I was thrilled to have another chance to see Junot Diaz last night. His first event was immediately after The Brief Wondrous Life of Oscar Wao was published, and I had not read it, or his very well regarded short story collection Drown, so I did not go to last year’s signing. The paperback of Oscar Wao came out on Tuesday, hence yesterday’s event. In the year between the two events, I read and loved Oscar Wao and Junot was busy winning the Pulitzer Prize for it.
Junot is an excellent speaker and an awesome guy. He’s funny, intelligent, and humble. I’ve also enjoyed listening to several audio interviews with him – the always amazing KCRW Bookworm program has had him on the program twice, and you can listen to the interviews in full – here are links to the interviews for Oscar Wao and Drown. iTunes also did a recent Meet the Author interview with him, you can listen to that here. And finally, here’s a great Barnes and Noble Meet the Writer audio interview.
The event was awesome – it was completely packed and Junot was awesome. He read to us from an old story called “The Sun, The Moon, The Stars” about a guy who cheats on his girlfriend and she finds out. They have a trip to the Dominican Republic planned together, and they decide to go on it anyway. The story was hilarious, and one of my favorite lines of the evening was an aside he spoke to the crowd in between sections of the story, “Having trouble with your fucking partner? Travel not.”
He also read a little section of an early draft of a novel he’s working on now, called Dark America. It’s not set on this planet, it’s set on a different planet that also has a country called America, with a different history than ours. It’s about two Cyborg killers, going through a hard time in their relationship.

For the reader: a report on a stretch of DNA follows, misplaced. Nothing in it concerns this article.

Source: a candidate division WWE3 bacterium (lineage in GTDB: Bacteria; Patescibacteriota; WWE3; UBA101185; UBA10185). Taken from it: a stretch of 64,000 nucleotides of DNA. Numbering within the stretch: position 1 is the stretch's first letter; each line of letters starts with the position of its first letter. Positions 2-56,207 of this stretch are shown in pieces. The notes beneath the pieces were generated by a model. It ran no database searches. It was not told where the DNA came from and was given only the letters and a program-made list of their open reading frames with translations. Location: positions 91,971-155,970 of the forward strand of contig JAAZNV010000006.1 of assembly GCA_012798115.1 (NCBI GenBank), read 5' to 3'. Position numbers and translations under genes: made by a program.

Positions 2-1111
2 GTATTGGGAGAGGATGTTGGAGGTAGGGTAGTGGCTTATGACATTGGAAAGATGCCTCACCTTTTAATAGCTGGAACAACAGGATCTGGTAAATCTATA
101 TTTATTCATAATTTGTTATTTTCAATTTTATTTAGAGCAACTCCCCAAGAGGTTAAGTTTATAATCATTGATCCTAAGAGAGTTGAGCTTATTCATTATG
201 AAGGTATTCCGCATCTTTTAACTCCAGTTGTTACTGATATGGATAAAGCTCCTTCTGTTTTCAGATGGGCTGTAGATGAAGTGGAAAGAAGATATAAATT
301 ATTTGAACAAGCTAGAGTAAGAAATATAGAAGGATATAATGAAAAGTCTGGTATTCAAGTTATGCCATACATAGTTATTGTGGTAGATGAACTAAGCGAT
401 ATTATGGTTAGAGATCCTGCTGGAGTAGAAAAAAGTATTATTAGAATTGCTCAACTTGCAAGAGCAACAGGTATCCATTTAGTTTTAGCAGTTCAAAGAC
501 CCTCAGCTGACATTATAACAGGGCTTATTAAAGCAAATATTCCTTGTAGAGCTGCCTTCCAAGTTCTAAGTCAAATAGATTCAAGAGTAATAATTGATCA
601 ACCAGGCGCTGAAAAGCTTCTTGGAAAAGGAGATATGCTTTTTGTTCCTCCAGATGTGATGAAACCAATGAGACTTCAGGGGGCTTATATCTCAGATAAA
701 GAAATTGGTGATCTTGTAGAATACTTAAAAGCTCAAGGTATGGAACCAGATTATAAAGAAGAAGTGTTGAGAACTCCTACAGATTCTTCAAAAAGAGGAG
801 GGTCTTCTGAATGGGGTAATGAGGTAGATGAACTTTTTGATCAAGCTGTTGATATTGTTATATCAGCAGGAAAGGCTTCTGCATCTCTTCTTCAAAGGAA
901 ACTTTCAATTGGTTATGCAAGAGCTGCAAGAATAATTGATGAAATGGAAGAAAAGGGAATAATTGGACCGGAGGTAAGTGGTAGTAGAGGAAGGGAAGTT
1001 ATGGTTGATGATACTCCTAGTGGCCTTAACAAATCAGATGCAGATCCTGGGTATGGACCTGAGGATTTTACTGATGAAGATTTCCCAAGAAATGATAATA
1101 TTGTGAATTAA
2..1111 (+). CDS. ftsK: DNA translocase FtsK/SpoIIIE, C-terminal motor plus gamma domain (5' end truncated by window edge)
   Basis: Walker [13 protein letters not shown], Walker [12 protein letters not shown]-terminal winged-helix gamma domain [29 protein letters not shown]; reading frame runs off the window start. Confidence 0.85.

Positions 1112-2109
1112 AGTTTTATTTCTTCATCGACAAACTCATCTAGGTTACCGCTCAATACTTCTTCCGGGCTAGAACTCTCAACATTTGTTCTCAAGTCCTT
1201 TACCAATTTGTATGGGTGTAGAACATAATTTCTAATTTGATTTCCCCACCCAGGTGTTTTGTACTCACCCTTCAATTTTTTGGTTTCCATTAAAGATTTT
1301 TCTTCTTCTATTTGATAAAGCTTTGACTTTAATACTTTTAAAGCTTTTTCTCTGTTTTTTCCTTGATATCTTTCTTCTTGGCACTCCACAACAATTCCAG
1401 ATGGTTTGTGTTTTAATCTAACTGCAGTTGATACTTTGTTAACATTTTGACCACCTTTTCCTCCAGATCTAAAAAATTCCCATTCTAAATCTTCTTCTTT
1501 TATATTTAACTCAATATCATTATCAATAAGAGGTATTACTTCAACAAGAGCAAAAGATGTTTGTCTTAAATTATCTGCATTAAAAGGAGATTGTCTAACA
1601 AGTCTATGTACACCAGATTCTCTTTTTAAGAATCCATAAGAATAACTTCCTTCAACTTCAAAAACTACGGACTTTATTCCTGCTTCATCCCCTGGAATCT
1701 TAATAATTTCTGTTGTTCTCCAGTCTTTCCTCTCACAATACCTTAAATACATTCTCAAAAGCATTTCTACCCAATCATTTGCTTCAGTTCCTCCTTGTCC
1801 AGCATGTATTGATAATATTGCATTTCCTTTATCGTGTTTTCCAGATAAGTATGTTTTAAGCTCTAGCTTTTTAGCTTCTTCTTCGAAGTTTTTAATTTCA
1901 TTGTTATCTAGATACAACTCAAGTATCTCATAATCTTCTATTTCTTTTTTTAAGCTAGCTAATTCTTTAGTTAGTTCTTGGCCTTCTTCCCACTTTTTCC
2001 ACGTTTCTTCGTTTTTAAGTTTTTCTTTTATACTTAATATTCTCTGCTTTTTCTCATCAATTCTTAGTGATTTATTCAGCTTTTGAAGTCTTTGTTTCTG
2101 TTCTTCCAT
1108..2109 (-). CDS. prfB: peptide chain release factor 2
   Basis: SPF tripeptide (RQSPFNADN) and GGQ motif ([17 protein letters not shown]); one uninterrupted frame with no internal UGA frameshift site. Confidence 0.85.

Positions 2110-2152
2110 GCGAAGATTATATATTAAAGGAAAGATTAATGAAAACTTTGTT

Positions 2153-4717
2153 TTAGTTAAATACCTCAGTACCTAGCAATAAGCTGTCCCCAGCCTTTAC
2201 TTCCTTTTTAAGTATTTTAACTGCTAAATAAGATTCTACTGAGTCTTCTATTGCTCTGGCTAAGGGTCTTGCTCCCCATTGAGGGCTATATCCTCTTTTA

I haven’t read Drown yet, but I own it now. I picked up a copy of both his books at Strand on Wednesday to take to the signing. I’m looking forward to reading it.
A side note – I stood in line behind a women who got two books signed and then said the words all authors probably dread hearing at a signing “I brought something for you too.” Oy. Junot was incredibly nice about it, “Oh….is it a story?” Of course it was. He asked (jokingly and politely), “Is it any good?” She declared that it was “wonderful.” Ok. She could have left it at that. She went on, “I’m confident that one day I’ll be where you are.” Wow. That’s bold and ballsy to say that to a Pulitizer Prize winner! I thought she was obnoxious and blushed on her behalf. He was very humble and nice though, and said that she shouldn’t shoot for that – she should aim higher, she doesn’t want to be where he is. Which is sweet. Of course any unpublished writer would be happy being where he is (most would be thrilled with lower, too).
He’s awesome and unusual in the way he signs. He doesn’t sit up at the big podium and have people climb a few stairs to get to him and stand on the other side of the table while he signs your books. He walked over to the front of the line and introduced himself to the first person there and signed books standing up while talking to them. Each person got an introduction and a handshake. It was very cool. I got there really early and was toward the front, so I don’t know if he ever went to sit down out of exhaustion (there were hundreds of people), but it didn’t seem like he would.
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